Unlike Proposition 98, the NASFG would not require school funding to keep pace with inflation. Proposition 38 would also repeal a "hold harmless" provision found in current law that requires enrollment to decline for three consecutive years before the public school funding guarantee is reduced to reflect the lower enrollment. Once the NASFG goes into effect, it would allow an immediate reduction in public school funding if enrollment were to decline and thus could result in a lower level of per-pupil spending than would be required under Proposition 98.
Also unlike Proposition 98, the NASFG would not guarantee funding for community colleges, child care and development, and the state special schools. Once the NASFG becomes operative, funding for these programs would compete with health, public safety, higher education, etc., for state General Fund dollars.
The fiscal impact of Proposition 38 would be a combination of several factors: the cost of providing vouchers for students who would have attended private schools anyway, the cost of providing vouchers for students who transfer from public to private schools, and the savings for public schools as students transfer from public to private schools.
Once the measure is fully phased in, providing vouchers for existing private school students would cost an estimated $3.3 billion. The Legislative Analyst's Office estimates net savings per transferring students based on a $7,000 per-pupil cost in public schools vs. a $4,000 voucher cost, resulting in an overall net long-term effect of the measure ranging from $2 billion in annual costs if 5% of students transfer to $3.4 billion in savings if 25% transfer.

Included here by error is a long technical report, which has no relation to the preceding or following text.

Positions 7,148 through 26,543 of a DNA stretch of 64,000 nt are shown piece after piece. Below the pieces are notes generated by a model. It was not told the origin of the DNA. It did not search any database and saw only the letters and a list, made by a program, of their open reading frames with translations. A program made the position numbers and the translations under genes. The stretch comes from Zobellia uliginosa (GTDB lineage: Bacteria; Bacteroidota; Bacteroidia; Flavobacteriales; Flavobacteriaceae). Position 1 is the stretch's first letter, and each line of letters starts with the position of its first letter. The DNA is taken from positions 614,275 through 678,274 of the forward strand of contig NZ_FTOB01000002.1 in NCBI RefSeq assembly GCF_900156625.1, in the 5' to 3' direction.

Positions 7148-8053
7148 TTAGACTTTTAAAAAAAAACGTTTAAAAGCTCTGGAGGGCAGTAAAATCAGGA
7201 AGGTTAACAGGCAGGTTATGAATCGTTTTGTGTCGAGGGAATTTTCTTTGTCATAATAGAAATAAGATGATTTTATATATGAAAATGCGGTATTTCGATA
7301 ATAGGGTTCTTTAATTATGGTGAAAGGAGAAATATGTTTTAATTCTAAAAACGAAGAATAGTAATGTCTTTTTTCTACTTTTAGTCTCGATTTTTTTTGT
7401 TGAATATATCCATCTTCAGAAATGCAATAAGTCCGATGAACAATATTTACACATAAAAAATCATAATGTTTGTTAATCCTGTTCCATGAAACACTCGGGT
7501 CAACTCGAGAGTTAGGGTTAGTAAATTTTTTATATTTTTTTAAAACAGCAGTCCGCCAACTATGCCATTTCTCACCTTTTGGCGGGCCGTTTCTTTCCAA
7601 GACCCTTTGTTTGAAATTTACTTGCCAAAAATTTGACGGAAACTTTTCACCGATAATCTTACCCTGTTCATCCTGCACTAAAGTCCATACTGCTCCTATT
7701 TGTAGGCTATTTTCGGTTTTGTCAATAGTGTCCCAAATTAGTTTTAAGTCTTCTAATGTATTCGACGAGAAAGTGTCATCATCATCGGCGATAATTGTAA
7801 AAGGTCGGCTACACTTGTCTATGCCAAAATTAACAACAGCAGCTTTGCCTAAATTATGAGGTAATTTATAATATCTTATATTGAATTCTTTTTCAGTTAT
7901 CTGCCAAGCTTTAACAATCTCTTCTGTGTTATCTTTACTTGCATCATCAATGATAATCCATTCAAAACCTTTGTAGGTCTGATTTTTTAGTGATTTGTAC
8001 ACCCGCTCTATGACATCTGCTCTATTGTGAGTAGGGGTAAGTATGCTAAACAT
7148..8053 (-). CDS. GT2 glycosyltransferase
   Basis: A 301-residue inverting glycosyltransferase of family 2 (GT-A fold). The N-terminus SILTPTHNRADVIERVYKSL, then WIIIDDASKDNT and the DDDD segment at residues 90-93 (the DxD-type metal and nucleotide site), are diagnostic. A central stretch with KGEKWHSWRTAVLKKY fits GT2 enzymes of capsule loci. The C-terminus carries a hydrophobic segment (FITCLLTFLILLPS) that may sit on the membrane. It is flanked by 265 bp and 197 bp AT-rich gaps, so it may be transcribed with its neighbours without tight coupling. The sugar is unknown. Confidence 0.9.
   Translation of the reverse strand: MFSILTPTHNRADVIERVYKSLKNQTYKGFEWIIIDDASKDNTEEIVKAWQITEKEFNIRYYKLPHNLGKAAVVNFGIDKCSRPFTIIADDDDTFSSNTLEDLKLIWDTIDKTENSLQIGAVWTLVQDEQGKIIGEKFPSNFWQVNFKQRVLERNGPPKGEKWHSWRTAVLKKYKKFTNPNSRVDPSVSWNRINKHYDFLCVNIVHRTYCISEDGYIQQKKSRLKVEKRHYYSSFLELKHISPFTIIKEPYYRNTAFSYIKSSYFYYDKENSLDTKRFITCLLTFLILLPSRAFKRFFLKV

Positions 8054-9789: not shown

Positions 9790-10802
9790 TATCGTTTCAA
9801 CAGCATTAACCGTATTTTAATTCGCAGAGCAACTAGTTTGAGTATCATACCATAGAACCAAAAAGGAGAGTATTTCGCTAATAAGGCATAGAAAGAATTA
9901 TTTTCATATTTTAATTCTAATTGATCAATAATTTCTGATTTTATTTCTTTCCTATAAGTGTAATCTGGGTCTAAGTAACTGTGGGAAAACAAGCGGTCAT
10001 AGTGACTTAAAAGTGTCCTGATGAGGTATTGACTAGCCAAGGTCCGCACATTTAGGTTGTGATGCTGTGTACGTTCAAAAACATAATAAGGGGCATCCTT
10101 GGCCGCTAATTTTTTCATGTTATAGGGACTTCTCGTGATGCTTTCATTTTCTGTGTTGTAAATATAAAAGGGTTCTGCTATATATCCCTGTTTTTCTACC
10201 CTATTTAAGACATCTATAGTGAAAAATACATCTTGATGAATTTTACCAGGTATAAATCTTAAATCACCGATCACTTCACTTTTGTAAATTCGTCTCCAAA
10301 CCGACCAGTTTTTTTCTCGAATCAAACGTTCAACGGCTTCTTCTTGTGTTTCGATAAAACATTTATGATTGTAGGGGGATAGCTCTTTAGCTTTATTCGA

The California Budget Project (CBP) reports a more complex analysis that recognizes that because of fixed costs, "public schools will not be able to reduce their total costs proportionately to reductions in enrollment without significantly increasing class sizes or otherwise reducing spending on day-to-day pupil education." The CBP examined a range of scenarios and found that under all those scenarios, Proposition 38 would increase state costs. With their best estimate for public school savings and a 10% transfer rate, CBP estimates a $3.9 billion net additional cost in 2004-2005.
There are currently approximately six million pupils in kindergarten through 12th grade in California public schools. Approximately another 650,000 K-12 students attend private schools separate from the public school system.
In November of 1993, nearly 70 percent of the voters defeated Proposition 174, another initiative that would have established a school voucher system in California.
According to the California Budget Project,
"The use of public funds for private schools, particularly faith-based schools, raises a number of legal and constitutional issues that are beyond the scope of this analysis. The U.S. Supreme Court has not ruled on the constitutionality of school voucher programs. However, state and federal district courts have struck down programs in Vermont, Maine, Florida, and Ohio that allowed vouchers to be used at faith-based schools. The Wisconsin Supreme Court upheld, and the U.S. Supreme Court refused to hear an appeal of the Milwaukee voucher program. Recent Supreme Court decisions, such as the June 2000 decision allowing states to use public funds to provide computers for religious schools, make predictions about the Court's position difficult.
"A school voucher program of this scale is unprecedented. Voucher programs in other states have been narrowly targeted to students with economically disadvantaged backgrounds or who attend low-performing schools. The Milwaukee school voucher program, for example, limits eligibility to Milwaukee Public School (MPS) students whose family income does not exceed 175 percent of the federal poverty level. In 1998-99, eight years after the program began, approximately six percent of MPS students used vouchers to attend private schools.